Orlando's Steinmetz Hall: One of the Most Acoustically Perfect Spaces
It has been eight years since the Dr. Phillips Center for the Performing Arts opened its doors in Orlando, FL. And with the addition of Steinmetz Hall, Dr. Phillips Center has become complete. But ‘concert hall’ doesn’t even begin to describe Steinmetz Hall; mechanical wonder is more like it.
Steinmetz Hall is said to be one of the world’s most acoustically perfect spaces. Designed to achieve an N1 sound rating, the lowest level at which humans can detect sound, it’s great for both amplified and unamplified events.
The multi-form venue is also one of the few theaters around the globe that can transform in shape, seating, and sound. The stage, walls, and floor lengthen, shorten, or lower to adapt to seating arrangements and layouts for various performances. It is designed so each attendee can still see and hear without obstruction with a capacity ranging from 1,597 to 1,741 people.
Its seventeen-hundred cherry wood seats with tamarind faux leather were provided by Series Seating. And these seats add to its charm and wonder by moving in and out of the floor. The theatre’s design is accomplished using innovative technology.
As Steinmetz Hall is a multi-form theatre, it easily transforms to accommodate for a wide range of performances. One moment it can be arranged for a ballet and the next to a concert hall with 360-degree seating. A complex “cassette” structure is the key to its movement.
The cassette, cassette towers, proscenium portal, motive systems, and rigging were all done through Wenger/JR Clancy. The cassette system is moved using Serapid rigid chains, and the side towers are moved on air casters.
"Once in place, the five-level cassette appears to be part of the main room, brilliantly achieving full circulation in the room and coupling seamlessly to the rest of the concert hall,” said Michael Nishball, principal equipment designer at Theatre Projects, in an article.
And as Scott Crossfield, director of design at Theatre Projects, said in an article by David Barbour written for Lighting & Sound America magazine, “That’s the true test of a multi-form theatre; the audience should never see how the tricks are done.”
Take a look at how it moves here.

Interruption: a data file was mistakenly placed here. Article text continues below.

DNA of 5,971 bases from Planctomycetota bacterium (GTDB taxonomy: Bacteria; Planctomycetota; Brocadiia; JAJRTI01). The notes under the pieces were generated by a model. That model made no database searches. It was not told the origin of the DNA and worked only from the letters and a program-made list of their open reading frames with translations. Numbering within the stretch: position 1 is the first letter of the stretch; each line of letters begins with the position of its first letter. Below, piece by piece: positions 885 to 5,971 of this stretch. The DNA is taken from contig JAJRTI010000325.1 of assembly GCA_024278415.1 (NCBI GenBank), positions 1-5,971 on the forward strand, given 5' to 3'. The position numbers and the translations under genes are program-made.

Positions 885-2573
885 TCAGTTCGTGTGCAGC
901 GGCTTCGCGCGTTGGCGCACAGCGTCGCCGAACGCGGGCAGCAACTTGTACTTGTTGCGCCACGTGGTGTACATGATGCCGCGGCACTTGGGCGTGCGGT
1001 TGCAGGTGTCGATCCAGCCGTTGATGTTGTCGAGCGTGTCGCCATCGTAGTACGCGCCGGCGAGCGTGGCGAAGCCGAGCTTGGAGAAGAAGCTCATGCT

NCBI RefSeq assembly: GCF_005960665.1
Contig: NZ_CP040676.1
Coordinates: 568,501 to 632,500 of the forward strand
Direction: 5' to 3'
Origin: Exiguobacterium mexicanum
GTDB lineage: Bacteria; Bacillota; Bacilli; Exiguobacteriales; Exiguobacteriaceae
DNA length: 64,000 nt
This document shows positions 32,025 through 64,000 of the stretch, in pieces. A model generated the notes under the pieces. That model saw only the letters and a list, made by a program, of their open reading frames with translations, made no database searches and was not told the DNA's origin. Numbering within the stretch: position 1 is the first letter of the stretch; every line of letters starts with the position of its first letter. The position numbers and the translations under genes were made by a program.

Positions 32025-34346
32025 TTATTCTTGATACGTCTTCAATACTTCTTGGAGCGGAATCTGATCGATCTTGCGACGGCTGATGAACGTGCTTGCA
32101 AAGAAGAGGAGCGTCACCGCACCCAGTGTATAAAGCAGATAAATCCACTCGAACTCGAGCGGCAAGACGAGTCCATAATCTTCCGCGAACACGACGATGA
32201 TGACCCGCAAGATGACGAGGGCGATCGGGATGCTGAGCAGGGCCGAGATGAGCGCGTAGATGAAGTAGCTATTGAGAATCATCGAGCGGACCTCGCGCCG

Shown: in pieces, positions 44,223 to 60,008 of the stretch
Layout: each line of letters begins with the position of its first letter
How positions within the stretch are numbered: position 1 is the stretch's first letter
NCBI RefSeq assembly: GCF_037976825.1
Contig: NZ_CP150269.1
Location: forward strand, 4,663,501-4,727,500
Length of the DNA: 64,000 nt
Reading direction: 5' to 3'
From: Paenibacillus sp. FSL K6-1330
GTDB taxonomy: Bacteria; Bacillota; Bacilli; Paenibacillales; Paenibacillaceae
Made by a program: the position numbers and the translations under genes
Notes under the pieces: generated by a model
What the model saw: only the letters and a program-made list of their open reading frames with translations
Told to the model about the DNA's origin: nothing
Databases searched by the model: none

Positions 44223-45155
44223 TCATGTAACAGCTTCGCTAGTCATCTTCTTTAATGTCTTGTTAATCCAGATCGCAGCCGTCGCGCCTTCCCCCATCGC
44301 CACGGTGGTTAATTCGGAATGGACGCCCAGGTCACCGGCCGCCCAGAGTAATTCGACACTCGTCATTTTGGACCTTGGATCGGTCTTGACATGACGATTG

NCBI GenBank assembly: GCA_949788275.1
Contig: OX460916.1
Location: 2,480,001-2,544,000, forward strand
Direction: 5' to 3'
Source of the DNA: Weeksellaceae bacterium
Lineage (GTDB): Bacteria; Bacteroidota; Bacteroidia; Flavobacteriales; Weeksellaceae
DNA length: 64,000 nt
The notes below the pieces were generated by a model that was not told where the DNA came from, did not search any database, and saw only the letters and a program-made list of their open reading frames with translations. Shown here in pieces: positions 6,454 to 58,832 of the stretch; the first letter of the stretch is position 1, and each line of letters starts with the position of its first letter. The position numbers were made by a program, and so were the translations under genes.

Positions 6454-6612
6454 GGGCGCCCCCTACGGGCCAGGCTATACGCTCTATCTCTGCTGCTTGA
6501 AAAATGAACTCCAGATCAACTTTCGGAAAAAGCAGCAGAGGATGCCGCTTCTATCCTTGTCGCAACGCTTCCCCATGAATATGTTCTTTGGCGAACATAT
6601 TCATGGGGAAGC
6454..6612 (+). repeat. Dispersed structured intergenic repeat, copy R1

How is Steinmetz Hall’s N1 rating achieved? Inside, there are special acoustic panels that move while huge rubber pads with air in them diminish vibration under the hall. Steinmetz Hall’s N1 rating basically works by isolating the room using the rubber pads at its base. Florida soil tends to transmit noises well, so that aspect was kept in mind during the theatre’s creation to prevent noise from the outside trying to reach in.
Some of the features include its cherry wood interior, which is a friendly surface for audio, and a system of 70 adjustable banners installed by Wenger/JR Clancy. Different fabric options were pondered over to attain a range of symphonic adjustability, before eventually deciding on a heavy wool serge in two layers.
The sound system was specified by Pete Cosmos and Tom Clark, working with Stages Consultants. There are left, center, and right arrays. The LCR speakers are from d&b audiotechnik’s V-Series. The auditorium’s console is a DiGiCo SD9, and road shows can tie in their drive lines from their mixing system into the loudspeakers using any combination of AES, analog, or Dante.
Superstars such as Jennifer Hudson, Lyle Lovett, cellist Yo-Yo Ma with pianist Kathryn Stott, and the best of Orlando’s performing arts have played there. Upcoming shows include David Spade, Champions of Magic, Disney Princess The Concert, and Daniel Tosh.
“Arts and culture are the soul of our city,” stated Orlando Mayor Buddy Dyer in this article. “The building itself is just bricks and mortar, but [it’s about] what happens inside that building for so many people, the memories that they make, the shows they see together as a family.”
With its flexible structure and audio quality, the long-awaited Steinmetz Hall is truly an acoustic feat that couldn’t have been created without help from various companies and individuals, many of them AV professionals. Next time you’re in Orlando, consider checking it out.